Practice Guidelines

Low Back Pain: American College of Physicians Practice Guideline on Noninvasive Treatments

 

Key Points for Practice

• Acute and subacute low back pain often resolve spontaneously, but superficial heat, massage, acupuncture, and spinal manipulation are initial treatment options.

• If an NSAID or skeletal muscle relaxant is used, the decision between the two should be based on patient preference and the risks associated with each.

• If first-line nonpharmacologic options for chronic low back pain are ineffective, NSAIDs followed by tramadol and duloxetine can be considered.

From the AFP Editors

Low back pain occurs in most persons living in the United States and has been shown to have high costs, health care–related and indirect (e.g., missed work days, reduced efficiency at work and home), totaling about $100 billion in 2006. Often, management is based on how long symptoms have persisted, possible etiologies, occurrence of radicular symptoms, and abnormalities found on physical examination or radiography. The American College of Physicians has released a guideline, which partially updates its 2007 guideline, to provide recommendations for noninvasive treatment of acute (duration less than four weeks), subacute (duration of four to 12 weeks), and chronic (duration longer than 12 weeks) low back pain. It does not address topical or epidural therapies.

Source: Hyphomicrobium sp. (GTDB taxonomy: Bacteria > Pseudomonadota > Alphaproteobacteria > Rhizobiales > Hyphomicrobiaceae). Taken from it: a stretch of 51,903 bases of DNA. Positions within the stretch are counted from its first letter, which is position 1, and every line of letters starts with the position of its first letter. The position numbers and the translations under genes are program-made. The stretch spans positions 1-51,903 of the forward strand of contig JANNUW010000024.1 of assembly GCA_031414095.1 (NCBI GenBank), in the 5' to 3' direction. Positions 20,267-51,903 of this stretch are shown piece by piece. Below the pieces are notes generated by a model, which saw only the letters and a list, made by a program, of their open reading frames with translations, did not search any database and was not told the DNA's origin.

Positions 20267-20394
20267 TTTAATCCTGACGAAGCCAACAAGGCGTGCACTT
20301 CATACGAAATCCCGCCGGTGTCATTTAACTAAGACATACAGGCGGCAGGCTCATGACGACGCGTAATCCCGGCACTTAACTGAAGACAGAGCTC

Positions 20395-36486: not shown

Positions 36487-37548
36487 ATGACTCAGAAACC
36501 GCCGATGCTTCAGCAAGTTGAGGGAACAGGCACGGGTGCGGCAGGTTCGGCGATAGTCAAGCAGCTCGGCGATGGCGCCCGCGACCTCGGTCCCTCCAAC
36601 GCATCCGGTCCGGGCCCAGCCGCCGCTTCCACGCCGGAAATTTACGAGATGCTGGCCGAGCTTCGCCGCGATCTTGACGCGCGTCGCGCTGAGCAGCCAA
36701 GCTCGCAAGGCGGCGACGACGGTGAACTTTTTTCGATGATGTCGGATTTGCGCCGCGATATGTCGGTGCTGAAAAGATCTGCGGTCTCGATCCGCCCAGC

Recommendations

It should be noted that any improvements in pain or function with medication or other nonpharmacologic options have been found to be minimal based on the literature, and did not show well-defined differences vs. control treatments; therefore, treatment decisions should be based on patient preference, availability, possible harms, and cost. Persons with any type of low back pain should be encouraged to remain as active as pain allows.

ACUTE AND SUBACUTE PAIN

Because acute and subacute low back pain often resolve spontaneously with time, superficial heat, massage, acupuncture, and spinal manipulation are all appropriate treatment options to try initially. Harms that have been reported with these

Author disclosure: No relevant financial affiliations.

Coverage of guidelines from other organizations does not imply endorsement by AFP or the AAFP.

This series is coordinated by Sumi Sexton, MD, Associate Deputy Editor.

A collection of Practice Guidelines published in AFP is available at http://www.aafp.org/afp/practguide.

 

 

Copyright © 2017 by the American Academy of Family Physicians.
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